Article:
Six were honored by the Friends of the Life Span Institute

Six recipients were honored at this year’s Friends of the Life Span Institute dinner celebration: two graduate research assistants, and for the first time three investigators and one LSI staff member. Announced in the fall of 2017, the awardees were officially recognized in Friday, April 27, 2018.

The Friends of Life Span Institute Investigator Awards honor outstanding scientists who are principal investigators on externally funded LSI research projects. Three awards were given this year: two for a mid-career scientist and one for an investigator in the first years of his or her career. Recipients are selected based on the nature and quality of their research record and the potential impact, or realized impact, of their work in generating new knowledge or contributing to translational science in keeping with the mission of LSI. Recipients each receive $7500.

Dale Walker, a senior research faculty member at the Juniper Gardens Children's Project, was awarded one of two 2017 mid-career award by the Friends of the Life Span Institute. She is a national/international expert in early childhood development theory and research pertaining to learning language. This research has focused on identifying the effects of early experience on language development and school readiness, designing and validating interventions for promoting children’s early communication, and developing assessments and observations that can be used by practitioners for informing intervention with infants and young children.

storkel.jpegHolly Storkel, chair and faculty member of the Speech, Language, Hearing department, was chosen for one of two Friends of the Life Span institute mid-career awards in 2017. Her research focuses on understanding why some children learn the words of their native language so easily while others struggle, and discovering what can be done to help the children who struggle. Her current research focuses on children with Specific Language Impairment (SLI), who are slower to learn new words than their peers, placing them at risk for academic failure. Her long-term goal is to develop an effective word learning treatment for kindergarten children with SLI, thereby improving their academic and vocational outcomes.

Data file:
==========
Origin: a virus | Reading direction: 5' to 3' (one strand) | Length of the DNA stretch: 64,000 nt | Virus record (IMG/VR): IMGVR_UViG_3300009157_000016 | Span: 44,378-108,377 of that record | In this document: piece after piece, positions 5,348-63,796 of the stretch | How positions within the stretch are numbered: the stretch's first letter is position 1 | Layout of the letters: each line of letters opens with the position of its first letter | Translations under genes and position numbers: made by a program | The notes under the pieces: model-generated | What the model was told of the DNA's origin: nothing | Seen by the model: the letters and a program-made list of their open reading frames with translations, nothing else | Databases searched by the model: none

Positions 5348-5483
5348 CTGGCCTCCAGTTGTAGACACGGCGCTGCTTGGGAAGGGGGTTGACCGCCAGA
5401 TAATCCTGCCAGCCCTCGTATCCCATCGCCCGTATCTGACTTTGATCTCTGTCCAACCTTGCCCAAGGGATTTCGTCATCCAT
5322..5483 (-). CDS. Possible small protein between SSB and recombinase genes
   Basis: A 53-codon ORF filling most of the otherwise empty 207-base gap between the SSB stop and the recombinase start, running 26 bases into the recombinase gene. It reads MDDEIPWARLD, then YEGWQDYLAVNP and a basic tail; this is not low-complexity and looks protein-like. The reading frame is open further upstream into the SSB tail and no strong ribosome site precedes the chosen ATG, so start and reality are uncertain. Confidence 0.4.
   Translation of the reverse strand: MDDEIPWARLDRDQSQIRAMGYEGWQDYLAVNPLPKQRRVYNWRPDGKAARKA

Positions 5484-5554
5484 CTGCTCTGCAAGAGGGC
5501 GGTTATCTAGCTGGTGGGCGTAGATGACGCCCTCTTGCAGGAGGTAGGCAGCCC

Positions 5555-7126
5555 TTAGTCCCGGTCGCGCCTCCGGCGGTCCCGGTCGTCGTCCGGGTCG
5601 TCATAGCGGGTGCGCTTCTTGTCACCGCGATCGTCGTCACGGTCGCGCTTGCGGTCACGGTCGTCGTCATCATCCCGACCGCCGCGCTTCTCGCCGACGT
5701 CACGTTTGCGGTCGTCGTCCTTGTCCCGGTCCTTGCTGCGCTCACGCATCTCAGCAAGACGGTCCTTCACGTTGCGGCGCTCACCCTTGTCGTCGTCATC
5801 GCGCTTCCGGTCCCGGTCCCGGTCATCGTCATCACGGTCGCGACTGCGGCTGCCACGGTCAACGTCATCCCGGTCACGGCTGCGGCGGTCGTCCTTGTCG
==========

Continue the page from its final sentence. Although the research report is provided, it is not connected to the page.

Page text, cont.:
The early career award of 2017 went to Navin Viswanathan. His research strives to answer a perennial question: how listeners understand language despite the variability of acoustics related to a speaker's dialect, rate of speech and background noise, especially in comparison to speech recognition systems. His work has broad clinical implications for tests of hidden hearing loss, children and adults with cochlear implants and childhood apraxia.

Kristin Muller was selected for the 2017 advanced stage graduate student award. She is a Ph.D. candidate in speech-language pathology and graduate assistant under the direction of Professor Nancy Brady. Her primary research interests involve communication in individuals with autism who have minimal verbal skills.

Kevin Pitt was selected as the recipient of the 2017 early stage graduate award. Pitt is a doctoral student in speech-language- hearing with an emphasis on neurology and the application of brain-computer interfaces for augmentative and alternative communication. His long-term goal is to translate laboratory based BCI research into clinical applications.

A New Honor

Jessica Black-Magnussen was chosen to receive the first Paul Diedrich LSI staff award.

jess.jpgThe award was created when Friends of LSI member and former associate director for finance at Life Span Institute, Kristi Billinger contacted the director John Colombo to ask that her contribution to the friends of the LSI be used to create a new award. Also she asked that it be named in honor of former associate director of project development Paul Diedrich, who was for 36 years in charge of pre-award at the Life Span Institute. Diedrich worked for many years with Black-Magnussen, who assumed the position of associate director of project development upon his retirement.

When presenting the award to Black-Magnussen, Diedrich stated, “I learned more about departmental administration from Ed Zamarripa, but the person who I learned most whenever interacting with the University was from Kristi about research administration, and the person who was most helpful to me was Jess.”